Employment Based Immigration
Employment Based Immigration represents about 13% of the total US immigration. The Immigration and Nationality Act (INA) provides a yearly limit of 140,000 on employment-based immigrant visas which are divided into five preference categories. This total includes immediate family members (spouse and children) of the principal applicant. Further, there is a PerCountryLimit. They may require a labor certification from the U.S. Department of Labor (DOL), and the filing of an immigrant petition with United States Citizenship and Immigration Services (USCIS) in the Department of Homeland Security .
- Priority Workers Category.
- Professionals Holding Advanced Degrees, or Persons of Exceptional Ability in the Arts, Sciences, or Business.
- Skilled Workers, Professionals Holding Baccalaureate Degrees and Other Workers
- Special Immigrants
- Employment Creation Investors
Allotment of Immigrant Visa Numbers by Preference Categories
- Priority Workers: 28.6% of the worldwide employment-based preference level, plus any numbers not required for fourth and fifth preferences.
- Members of the Professions Holding Advanced Degrees or Persons of Exceptional Ability: 28.6% of the worldwide employment-based preference
level, plus any numbers not required by first preference.
- Skilled Workers, Professionals, and Other Workers: 28.6% of the worldwide level, plus any numbers not required by first and second
preferences, not more than 10,000 of which to "Other Workers".
- Certain Special Immigrants: 7.1% of the worldwide level.
- Employment Creation: 7.1% of the worldwide level, not less than 3,000 of which reserved for investors in a targeted rural or high-unemployment area, and 3,000 set aside for investors in regional centers by Sec. 610 of P.L. 102-395.
Process (EB1, EB2, and EB3)
Stage 1 - Labor Certification
Employer/Petitioner files for Labor Certification (Form ETA 9089) from DOL, if required for the occupation.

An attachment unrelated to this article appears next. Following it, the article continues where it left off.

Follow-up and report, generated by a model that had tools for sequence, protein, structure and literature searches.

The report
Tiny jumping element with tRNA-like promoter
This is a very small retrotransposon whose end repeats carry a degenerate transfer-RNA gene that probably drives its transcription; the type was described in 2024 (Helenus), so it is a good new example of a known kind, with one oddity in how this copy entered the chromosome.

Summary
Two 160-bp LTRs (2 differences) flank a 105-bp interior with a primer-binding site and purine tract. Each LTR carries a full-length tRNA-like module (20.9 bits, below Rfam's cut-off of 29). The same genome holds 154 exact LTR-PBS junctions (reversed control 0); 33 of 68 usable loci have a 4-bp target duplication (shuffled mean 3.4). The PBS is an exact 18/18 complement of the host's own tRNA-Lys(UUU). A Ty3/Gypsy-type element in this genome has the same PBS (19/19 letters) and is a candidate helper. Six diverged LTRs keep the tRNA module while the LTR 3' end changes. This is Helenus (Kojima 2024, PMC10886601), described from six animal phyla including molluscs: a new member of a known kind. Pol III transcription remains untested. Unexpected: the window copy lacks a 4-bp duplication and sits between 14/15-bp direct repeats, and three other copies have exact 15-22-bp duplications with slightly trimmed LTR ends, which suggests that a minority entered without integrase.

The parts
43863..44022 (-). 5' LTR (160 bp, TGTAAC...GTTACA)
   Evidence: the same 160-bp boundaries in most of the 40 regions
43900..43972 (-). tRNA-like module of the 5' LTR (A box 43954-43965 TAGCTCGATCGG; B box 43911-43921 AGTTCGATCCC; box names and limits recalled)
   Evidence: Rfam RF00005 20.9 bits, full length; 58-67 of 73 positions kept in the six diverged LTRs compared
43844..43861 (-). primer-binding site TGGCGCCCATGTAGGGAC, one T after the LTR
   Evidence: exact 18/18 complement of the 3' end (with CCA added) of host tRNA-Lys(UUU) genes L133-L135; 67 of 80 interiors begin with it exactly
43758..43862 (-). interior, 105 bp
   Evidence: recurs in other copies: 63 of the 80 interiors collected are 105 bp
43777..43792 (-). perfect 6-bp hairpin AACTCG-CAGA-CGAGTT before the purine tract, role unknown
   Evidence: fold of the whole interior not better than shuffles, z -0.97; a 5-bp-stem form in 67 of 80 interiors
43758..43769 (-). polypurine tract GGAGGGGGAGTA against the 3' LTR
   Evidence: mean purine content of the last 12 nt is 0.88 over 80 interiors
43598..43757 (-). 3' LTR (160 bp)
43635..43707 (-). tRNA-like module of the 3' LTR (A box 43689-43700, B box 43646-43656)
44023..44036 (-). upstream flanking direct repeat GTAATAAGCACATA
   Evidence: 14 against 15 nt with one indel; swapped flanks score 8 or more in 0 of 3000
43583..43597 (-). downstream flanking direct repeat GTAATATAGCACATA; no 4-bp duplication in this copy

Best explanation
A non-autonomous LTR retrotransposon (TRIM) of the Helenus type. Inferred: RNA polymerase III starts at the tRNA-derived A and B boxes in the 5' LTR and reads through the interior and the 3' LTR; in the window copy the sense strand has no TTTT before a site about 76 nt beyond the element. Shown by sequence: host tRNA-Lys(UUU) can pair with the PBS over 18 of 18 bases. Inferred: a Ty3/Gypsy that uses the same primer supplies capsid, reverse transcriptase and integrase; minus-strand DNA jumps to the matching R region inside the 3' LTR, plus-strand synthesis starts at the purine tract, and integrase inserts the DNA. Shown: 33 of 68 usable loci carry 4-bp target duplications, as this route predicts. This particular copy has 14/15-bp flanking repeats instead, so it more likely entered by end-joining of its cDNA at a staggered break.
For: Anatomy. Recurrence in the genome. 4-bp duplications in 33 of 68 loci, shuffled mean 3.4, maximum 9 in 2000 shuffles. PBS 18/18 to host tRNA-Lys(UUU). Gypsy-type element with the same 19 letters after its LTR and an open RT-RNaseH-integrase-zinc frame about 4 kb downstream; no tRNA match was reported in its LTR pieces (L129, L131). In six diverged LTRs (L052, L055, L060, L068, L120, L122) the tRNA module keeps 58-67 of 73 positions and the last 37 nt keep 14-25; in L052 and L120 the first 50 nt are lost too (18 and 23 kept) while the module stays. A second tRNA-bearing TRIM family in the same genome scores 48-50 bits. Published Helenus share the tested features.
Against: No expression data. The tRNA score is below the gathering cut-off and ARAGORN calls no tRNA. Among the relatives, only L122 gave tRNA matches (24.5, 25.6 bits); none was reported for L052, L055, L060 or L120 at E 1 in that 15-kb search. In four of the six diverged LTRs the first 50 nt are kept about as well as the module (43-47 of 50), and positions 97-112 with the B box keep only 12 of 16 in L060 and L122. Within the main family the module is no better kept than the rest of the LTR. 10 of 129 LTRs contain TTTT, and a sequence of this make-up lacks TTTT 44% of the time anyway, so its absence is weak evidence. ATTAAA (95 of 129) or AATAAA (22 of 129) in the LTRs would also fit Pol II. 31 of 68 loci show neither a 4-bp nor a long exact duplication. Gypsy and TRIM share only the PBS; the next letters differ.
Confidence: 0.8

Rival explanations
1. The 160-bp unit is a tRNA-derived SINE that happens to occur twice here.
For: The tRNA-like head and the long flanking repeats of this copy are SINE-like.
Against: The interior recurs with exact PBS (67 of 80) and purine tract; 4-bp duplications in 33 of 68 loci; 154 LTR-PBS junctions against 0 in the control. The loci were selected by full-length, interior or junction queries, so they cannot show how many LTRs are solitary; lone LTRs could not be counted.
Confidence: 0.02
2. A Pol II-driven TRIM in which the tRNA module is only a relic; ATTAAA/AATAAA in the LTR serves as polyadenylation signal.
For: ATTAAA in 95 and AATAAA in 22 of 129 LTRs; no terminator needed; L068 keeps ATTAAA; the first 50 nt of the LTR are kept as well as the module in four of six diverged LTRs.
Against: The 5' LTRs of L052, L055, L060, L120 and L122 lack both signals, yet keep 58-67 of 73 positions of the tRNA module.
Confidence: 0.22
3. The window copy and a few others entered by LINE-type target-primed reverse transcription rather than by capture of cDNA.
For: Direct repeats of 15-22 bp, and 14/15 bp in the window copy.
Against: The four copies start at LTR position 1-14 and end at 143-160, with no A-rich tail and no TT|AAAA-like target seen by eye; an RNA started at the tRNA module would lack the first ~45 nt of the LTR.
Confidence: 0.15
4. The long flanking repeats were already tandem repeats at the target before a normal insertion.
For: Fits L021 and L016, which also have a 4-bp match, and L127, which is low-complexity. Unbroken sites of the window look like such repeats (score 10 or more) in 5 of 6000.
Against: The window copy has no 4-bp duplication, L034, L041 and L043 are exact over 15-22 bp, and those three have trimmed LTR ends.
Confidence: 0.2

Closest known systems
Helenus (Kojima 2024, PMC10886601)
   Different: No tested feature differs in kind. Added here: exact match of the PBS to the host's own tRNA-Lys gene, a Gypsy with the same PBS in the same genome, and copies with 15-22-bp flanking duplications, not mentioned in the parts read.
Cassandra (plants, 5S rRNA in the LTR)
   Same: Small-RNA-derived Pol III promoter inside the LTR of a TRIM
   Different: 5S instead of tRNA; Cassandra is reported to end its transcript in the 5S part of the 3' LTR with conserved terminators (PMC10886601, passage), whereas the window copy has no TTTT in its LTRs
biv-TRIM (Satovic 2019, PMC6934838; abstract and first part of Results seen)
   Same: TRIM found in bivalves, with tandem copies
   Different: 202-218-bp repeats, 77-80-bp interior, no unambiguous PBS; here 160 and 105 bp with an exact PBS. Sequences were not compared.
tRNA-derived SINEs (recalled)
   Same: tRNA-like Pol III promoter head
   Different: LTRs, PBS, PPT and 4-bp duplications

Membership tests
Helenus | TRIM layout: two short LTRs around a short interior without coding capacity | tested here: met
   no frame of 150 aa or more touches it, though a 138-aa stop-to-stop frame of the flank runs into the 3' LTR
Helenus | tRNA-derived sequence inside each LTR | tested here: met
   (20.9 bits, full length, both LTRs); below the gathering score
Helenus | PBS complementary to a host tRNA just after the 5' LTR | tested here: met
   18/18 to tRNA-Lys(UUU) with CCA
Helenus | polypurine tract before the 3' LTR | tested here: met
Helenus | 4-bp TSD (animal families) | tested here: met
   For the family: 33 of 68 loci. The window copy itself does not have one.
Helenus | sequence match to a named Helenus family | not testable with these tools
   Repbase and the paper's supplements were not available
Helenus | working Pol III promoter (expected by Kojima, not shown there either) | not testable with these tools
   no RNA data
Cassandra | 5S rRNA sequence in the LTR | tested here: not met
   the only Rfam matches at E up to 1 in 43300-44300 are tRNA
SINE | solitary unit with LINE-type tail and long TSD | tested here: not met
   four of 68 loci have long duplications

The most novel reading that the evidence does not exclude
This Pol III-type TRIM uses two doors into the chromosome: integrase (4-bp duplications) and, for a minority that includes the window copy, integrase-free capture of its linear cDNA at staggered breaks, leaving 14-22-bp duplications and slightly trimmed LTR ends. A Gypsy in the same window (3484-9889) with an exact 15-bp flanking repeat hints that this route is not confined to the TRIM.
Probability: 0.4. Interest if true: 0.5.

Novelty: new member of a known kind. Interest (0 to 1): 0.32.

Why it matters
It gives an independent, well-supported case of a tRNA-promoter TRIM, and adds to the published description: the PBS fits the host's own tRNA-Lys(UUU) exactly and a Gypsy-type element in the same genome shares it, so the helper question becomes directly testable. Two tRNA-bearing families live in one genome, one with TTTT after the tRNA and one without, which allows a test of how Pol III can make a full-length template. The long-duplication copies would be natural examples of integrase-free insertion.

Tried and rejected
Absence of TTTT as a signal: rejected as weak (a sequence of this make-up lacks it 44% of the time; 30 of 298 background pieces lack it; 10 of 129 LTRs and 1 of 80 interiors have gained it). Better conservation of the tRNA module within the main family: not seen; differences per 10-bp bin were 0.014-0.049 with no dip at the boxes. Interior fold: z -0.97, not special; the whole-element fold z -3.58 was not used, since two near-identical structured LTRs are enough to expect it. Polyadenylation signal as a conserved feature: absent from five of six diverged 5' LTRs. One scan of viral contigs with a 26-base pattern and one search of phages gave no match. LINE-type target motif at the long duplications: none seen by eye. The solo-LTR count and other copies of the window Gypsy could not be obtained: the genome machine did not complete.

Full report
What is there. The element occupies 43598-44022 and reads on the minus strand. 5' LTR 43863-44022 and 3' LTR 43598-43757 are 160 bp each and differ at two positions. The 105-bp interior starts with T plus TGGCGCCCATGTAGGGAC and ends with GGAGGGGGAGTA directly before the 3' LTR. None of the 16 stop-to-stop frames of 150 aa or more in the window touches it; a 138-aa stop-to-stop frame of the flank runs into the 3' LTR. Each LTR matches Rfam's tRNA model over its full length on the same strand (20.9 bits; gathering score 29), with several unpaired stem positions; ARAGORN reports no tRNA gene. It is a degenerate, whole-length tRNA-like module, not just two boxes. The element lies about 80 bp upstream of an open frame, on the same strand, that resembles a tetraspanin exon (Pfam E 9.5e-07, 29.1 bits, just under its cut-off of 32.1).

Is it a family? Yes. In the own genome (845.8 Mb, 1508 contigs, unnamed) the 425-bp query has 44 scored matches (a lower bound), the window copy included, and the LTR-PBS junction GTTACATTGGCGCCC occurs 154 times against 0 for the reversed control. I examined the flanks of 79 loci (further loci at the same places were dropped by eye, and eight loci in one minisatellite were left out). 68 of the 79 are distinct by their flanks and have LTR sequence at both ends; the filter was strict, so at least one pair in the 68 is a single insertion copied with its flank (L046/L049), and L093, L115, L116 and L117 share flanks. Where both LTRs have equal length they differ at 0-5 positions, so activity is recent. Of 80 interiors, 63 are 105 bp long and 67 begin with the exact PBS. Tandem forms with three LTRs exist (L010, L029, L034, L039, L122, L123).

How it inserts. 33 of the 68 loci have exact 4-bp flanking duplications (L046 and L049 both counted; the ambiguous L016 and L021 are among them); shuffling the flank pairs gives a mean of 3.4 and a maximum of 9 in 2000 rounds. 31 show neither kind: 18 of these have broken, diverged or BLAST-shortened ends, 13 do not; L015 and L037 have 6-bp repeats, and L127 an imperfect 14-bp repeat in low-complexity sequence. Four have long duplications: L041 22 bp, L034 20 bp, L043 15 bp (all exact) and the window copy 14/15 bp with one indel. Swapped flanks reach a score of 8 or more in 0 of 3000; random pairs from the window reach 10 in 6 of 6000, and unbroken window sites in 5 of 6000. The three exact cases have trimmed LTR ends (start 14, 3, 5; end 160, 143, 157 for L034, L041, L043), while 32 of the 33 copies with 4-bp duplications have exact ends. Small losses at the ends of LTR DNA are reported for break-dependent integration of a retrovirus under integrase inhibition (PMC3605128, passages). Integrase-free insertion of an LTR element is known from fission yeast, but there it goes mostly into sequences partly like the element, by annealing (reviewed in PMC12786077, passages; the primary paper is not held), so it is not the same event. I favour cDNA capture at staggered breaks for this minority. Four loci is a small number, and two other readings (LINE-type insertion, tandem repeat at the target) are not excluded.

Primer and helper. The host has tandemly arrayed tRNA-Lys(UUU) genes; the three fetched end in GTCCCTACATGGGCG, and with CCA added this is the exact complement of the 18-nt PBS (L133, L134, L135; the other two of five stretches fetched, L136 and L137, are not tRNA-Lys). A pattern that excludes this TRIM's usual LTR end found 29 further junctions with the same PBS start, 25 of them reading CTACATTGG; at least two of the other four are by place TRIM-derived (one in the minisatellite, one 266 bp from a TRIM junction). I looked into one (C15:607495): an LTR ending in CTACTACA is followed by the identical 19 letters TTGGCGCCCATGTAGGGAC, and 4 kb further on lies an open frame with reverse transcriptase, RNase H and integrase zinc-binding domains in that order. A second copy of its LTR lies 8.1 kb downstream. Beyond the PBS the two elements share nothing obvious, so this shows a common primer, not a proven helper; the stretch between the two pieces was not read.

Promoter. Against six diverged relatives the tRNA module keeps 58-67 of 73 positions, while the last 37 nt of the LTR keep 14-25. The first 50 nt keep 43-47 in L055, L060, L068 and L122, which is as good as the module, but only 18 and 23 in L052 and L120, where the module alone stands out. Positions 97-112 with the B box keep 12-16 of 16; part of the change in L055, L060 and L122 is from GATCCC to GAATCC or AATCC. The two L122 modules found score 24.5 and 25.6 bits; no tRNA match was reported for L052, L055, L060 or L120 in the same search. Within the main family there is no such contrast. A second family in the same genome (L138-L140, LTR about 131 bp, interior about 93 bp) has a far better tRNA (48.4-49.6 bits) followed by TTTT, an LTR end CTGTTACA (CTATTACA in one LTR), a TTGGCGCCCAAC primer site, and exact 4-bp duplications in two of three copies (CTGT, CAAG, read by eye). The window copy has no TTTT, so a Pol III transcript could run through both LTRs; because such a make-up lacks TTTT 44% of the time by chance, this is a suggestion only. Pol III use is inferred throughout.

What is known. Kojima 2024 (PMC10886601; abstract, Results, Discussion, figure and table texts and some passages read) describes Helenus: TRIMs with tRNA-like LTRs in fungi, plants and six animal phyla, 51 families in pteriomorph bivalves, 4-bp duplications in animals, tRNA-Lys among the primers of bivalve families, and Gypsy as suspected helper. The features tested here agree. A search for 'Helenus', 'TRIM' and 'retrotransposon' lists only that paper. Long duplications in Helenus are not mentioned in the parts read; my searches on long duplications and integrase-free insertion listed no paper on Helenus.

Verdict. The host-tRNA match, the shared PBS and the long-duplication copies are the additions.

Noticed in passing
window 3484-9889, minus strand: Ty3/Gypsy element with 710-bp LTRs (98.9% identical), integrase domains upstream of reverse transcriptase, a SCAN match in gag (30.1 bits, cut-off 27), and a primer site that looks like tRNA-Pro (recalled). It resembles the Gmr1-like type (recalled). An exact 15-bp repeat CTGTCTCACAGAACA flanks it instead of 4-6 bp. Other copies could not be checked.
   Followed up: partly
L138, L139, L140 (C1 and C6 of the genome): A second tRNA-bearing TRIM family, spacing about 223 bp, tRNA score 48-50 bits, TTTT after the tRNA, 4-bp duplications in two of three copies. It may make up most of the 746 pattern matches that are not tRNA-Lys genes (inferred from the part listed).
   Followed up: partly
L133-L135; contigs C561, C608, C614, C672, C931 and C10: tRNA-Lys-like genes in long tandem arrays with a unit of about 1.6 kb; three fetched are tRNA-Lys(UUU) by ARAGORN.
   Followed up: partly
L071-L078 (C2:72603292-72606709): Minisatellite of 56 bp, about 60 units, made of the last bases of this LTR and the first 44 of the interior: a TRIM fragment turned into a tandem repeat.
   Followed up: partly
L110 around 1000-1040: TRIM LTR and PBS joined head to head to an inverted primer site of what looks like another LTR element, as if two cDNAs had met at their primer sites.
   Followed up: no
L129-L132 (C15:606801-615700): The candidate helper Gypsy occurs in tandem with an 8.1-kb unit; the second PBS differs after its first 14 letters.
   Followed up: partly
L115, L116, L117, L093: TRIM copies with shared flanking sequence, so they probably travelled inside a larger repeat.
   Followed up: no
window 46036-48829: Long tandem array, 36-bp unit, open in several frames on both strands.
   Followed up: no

The LCA is intended to assure that a petitioner/employer is NOT seeking to employ the foreign national for a particular job when qualified U.S. workers (U.S. citizens or Legal Permanent Residents "Green Card" holders) are able, qualified, available, and willing to fill such a position. Employers must also document that employment of the foreign worker will not adversely affect the wages and working conditions of U.S. workers, and they must pay the foreign worker the prevailing wage for the occupation.
The labor certification is for future employment and does not require a current/existing employment relationship with the foreign national "beneficiary."
This stage usually takes 4-5 months of pre-application preparation and about 2 months to process.
Stage 2 - Immigrant Visa Petition
- Employer applies for Immigrant Visa Petition (Form USCIS I-140) from USCIS to petition for an alien worker to become a permanent resident in the United States. The petition is a formal offer of permanent employment (that is, employment of indefinite duration).
If a Department of Labor certification is needed the application can only be filed after the certification is granted. The employer must show evidence of ability to pay the proffered wages.
The processing time for this stage is 6-12 months.
Stage 3 - Adjustment of Status
Beneficiary applies for Adjustment of Status (Form USCIS I-485) (within US)
"Concurrent Filing" of the I-140 & Adjustment of Status is allowed
Stage 3 - Consular Processing
- Beneficiary applies for Consular Processing (overseas)
An applicant's Priority Date must be current according to State department's Visa Bulletin. 
- at the time of filing for Adjustment of Status AND
- at the time the Adjustment of Status is approved.
The processing time for this stage is about 6 months, but may take up to several years for individuals depending on their Employment Preference Category, Country Of Chargeability and Priority Date.
Further Info and Discussions
All EB unavailable